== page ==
Several studies have demonstrated the role of the SNS in inflammation. Martelli et al. showed that in a rat model of intravenous endotoxin, a bilateral section of splenic sympathetic nerves deeply increases inflammatory cytokine release; however, bilateral vagotomy was ineffective, which suggests a splanchnic sympathetic efferent reflex arc of the anti-inflammatory neural pathway [31]. Another clinical phenomenon is immunosuppression after stroke [32]. Indeed, the 6-hydroxydopamine, which blocks a nonselective α-adrenoreceptor and causes pharmacological ablation of the SNS, may also attenuate stroke-induced immunological abnormalities, prevent infections, and improve the survival, and thus SNS activation, instead of the PNS, has a significant role in the immunosuppression response [6, 32, 33, 34]. Additionally, in hypertensive patients, the central inhibition of the SNS decreased peripheral TNF serum levels [35]. Moreover, del Rey and colleagues have also found in an animal model of arthritis that during protracted inflammation, there might be a disruption of this communication between the brain and the immune system [36]. There are also several studies indicating that the sympathetic nervous system might be influencing different forms of cancer [37]. In fact, epidemiological studies showed that breast cancer and melanoma improve with the use of beta-blockers, while other studies imply that psychological stress might modulate SNS activity, with a significant impact on inflammation and consequently on the pathogenesis of some cancers [37, 38].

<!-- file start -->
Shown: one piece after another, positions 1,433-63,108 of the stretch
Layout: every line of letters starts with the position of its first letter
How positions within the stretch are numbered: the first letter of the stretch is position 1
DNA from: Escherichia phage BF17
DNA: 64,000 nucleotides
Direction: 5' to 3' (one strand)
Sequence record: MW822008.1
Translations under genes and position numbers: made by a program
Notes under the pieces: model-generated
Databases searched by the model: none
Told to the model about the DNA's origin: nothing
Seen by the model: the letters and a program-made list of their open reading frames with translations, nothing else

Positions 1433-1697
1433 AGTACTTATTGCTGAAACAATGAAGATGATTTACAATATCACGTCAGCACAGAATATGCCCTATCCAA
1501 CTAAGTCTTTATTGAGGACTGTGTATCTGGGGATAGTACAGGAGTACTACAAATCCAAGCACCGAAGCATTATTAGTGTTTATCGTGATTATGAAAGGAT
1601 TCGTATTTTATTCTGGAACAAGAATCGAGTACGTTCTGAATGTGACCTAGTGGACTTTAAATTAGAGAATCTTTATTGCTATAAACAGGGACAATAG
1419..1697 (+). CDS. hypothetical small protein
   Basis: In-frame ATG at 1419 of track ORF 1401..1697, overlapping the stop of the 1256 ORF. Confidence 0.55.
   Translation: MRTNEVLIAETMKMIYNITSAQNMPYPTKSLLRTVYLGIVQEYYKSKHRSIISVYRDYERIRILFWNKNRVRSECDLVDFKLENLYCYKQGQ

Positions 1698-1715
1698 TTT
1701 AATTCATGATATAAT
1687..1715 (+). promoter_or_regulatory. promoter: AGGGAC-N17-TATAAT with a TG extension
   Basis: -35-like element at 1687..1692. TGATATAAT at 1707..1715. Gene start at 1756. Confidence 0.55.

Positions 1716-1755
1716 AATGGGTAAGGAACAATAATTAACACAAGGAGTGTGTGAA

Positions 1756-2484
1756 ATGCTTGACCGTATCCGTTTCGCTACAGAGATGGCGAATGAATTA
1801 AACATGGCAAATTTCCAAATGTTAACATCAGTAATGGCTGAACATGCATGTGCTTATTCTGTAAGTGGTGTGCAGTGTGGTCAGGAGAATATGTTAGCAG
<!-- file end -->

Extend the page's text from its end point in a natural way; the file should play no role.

Finally, recent studies show that the SNS plays a significant role in several immune-mediated or immune-related diseases, including sepsis [39], colitis [40], allergic asthma [41], chronic eye inflammation [42], arthritis [8, 36], among others.

2.2. The role of parasympathetic nervous system in the inflammatory processes

The parasympathetic nervous system (PSNS) innervates multiple organ systems, including cardiovascular, respiratory, immune, and endocrine systems [43] and plays a critical role in a diverse array of physiological processes, such as inflammation, immune response, heart rate, gastrointestinal peristalsis, and digestion [13]. About 75% of parasympathetic innervation comes from the tenth cranial nerve, the vagus nerve (VN), that extends throughout the body, and is the largest nerve and main parasympathetic division of the autonomic nervous system [13, 30, 44]. Vagus nerve comprises both sensory afferent neurons, crucial for conducting peripheral immune signals to the brain, which integrate the visceral sensory information and coordinates the autonomic function and visceral activity [13, 33, 34], and motor efferent neurons, which integrate the information that was delivered to the central nervous system and control the peripheral effectors [30, 45]. The vagus nerve not only regulates gut physiology but also mediates cholinergic anti-inflammatory pathway, the inflammatory reflex that controls immune function, and pro-inflammatory responses during infection and injury [35, 45, 46]. The sensory afferent vagus nerve fibers detect peripheral inflammatory mediators, such as cytokines, released by activated macrophages and other immune cells, revealing its pro-inflammatory properties; however, a potent anti-inflammatory effect is exhibited by the efferent branch [46]. The animal models of acute inflammation reveal that the activation of the efferent vagus nerve, probably due to binding of acetylcholine on the alpha-7 subunit-containing nicotinic receptors (α7nAChR), essential for the vagal anti-inflammatory action [47, 48] resulted in reduced systemic production of pro-inflammatory cytokines [46, 49]. This suggests that in the initial phase of inflammation processes, the neuroimmune path eliminates the infectious agent, and in the posterior phase re-establishes the homeostasis [13, 33, 34, 50].

In human studies, the parasympathetic neurotransmitter acetylcholine attenuated proinflammatory cytokine release (e.g., TNFα) in lipopolysaccharide-stimulated macrophage cultures [49], so nicotine was more effective than muscarine in inhibiting TNF release. Human macrophages express α7nAChR subunit, and its knockdown makes macrophages less responsive to nicotine-mediated TNF inhibition [49].